Related: DC Public Schools

Closing Schools to "Fix" Them


This fall, the District of Columbia’s long-suffering school children are experiencing even more upset and uncertainty as two major educational systems confront the massive dilemma of improving academic results while managing schools with some modicum of economic responsibility. Two months ago, the Archdiocese of Washington announced that mounting deficits for the inner-city elementary schools organized in what’s known as the Center City Consortium would force these Catholic schools to close or to become charter schools under the public education umbrella, thus effectively ending Catholic elementary education in the city. Then, last week, Mayor Fenty and Superintendent Rhee announced plans to close 23 schools next year, most of them elementary schools, and the largest group in Ward 5, Trinity’s ward, including the venerable Brookland Elementary and John Burroughs Elementary Schools. These closings are necessary, apparently, in order to achieve greater economic efficiency and to devote resources to reorganizing educational programs.

Everyone in D.C. is united in the ultimate goal, which is to improve educational outcomes for children. These decisions by the Archdiocese and the Public School leadership may well be the best way to achieve improved results in the long run. But in the more immediate moment, the families and children most affected by these decisions are left feeling uncertain, perhaps even betrayed. The idea of pride in one’s school — school spirit — is something even the youngest first grader understands, and the cult of alumni loyalty lasts for generations from the most remote grade school through the most powerful universities. Closing schools does little to help children value their educational experiences more deeply. Very quickly, the educational and political leadership must move to assure the children that they will have schools to attend next year, and that they will not continue to experience disruption in their home bases for learning, wherever those bases might be as of next fall.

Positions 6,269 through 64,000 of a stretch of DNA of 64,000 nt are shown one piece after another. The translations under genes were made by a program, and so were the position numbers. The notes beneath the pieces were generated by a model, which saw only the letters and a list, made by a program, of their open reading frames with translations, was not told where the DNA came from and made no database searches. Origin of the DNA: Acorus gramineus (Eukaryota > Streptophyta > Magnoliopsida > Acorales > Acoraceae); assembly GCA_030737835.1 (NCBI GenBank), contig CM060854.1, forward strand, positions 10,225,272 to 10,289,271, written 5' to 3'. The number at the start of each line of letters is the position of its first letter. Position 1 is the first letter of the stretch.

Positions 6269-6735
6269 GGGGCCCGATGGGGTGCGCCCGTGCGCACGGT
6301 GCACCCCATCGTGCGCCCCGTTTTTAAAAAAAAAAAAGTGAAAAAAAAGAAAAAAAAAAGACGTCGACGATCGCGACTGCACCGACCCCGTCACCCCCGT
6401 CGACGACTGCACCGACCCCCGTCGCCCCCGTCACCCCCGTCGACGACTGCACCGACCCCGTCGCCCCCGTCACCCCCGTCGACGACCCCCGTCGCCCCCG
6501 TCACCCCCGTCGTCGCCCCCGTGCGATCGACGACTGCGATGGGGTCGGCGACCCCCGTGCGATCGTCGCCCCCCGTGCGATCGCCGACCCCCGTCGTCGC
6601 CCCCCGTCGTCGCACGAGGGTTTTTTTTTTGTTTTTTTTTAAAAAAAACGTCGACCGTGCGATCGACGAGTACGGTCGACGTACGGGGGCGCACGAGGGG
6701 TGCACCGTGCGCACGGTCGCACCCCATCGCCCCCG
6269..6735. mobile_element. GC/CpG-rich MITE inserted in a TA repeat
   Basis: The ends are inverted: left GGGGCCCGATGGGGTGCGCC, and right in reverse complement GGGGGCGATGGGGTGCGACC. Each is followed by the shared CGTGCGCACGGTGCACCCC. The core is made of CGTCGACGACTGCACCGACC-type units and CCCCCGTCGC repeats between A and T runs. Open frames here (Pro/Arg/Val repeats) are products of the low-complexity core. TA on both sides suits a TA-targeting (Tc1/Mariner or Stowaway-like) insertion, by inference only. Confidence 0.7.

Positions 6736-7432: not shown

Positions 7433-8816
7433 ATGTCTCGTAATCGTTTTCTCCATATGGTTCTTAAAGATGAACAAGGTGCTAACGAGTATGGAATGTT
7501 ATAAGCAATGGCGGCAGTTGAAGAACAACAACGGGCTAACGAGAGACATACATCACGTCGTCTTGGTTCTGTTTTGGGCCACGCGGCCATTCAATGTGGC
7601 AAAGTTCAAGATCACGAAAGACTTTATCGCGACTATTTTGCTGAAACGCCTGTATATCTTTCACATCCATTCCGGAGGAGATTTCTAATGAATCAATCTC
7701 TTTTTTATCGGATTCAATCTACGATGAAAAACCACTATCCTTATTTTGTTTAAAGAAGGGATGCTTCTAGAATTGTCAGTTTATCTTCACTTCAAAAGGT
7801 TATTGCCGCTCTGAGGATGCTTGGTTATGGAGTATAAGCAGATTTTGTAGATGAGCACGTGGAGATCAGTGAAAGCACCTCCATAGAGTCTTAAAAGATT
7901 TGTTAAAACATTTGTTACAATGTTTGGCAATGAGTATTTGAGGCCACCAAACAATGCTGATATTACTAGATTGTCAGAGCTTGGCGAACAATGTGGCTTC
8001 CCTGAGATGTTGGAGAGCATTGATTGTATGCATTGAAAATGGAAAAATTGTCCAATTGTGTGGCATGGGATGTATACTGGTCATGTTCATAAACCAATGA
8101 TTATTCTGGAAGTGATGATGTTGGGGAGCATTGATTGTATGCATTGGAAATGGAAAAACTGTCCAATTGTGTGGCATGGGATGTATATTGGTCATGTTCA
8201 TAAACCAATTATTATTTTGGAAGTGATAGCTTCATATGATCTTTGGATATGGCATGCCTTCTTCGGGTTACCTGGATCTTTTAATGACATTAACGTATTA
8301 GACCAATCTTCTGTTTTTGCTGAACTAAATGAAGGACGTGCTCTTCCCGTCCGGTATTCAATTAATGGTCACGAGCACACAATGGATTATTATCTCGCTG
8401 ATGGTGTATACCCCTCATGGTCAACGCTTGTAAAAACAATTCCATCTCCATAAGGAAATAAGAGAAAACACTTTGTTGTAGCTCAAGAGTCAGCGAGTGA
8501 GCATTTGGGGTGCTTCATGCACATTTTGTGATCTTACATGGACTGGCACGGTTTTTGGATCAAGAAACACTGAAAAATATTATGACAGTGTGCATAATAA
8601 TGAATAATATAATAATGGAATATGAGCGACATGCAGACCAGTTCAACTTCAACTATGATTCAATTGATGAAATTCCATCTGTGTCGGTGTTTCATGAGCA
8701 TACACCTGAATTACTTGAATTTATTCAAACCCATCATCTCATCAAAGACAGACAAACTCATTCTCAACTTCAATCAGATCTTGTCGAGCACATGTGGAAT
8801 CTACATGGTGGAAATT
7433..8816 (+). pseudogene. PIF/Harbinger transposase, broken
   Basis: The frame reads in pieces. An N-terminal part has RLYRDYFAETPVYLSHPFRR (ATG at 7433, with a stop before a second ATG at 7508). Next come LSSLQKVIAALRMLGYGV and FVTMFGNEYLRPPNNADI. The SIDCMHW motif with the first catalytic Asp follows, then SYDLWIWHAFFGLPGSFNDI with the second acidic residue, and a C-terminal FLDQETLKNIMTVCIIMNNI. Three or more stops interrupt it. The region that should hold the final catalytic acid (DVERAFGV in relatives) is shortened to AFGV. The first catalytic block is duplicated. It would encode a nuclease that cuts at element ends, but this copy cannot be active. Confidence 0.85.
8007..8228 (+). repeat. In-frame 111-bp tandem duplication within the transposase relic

An article in today’s Washington Post reveals some of the political tensions emerging over Mayor Fenty’s style in managing educational reform issues. We all should be worried about the end-game if politics trumps reform. Failure is no longer an option for the children of D.C. when it comes to education. In spite of the feelings of pique over who-knew-what at the outset, the politicians all have to work together to provide the leadership the city needs to make educational reform a reality.

I have no opinion on closing schools or converting Catholic schools to charters per se, since I cannot possibly know all of the details. I do know what it’s like to try to manage a relatively small academic budget with limited resources, so I’m sympathetic to budget controls and the need for radical change at times in order to keep doing the mission. I also know that educational excellence can exist in all classrooms, regardless of the size of the budget, where students and teachers really work together to learn well. Ultimately, excellence in education can only occur in a classroom — not in the Council Chambers or Mayor’s Office. This city must find a way to stay focused on improving education on the ground, in the classrooms, in the libraries and community centers, in the homes where the children go each night where homework should come first.

The recent ratcheting-up of stakes and rhetoric seems to be moving farther away from real educational reform. Budget necessities must be addressed, yes, but all educational and political leaders need to be even more thoughtful about the impact of their actions on the citizens who have the most at stake, the children for whom all of this reform is supposedly being done. If the children hear that the future of their schools is even more uncertain, they will have little motivation to take school more seriously.

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Patricia A. McGuire, President, Trinity, 125 Michigan Ave. NE, Washington, DC 20017
Phone: 202.884.9050   Email: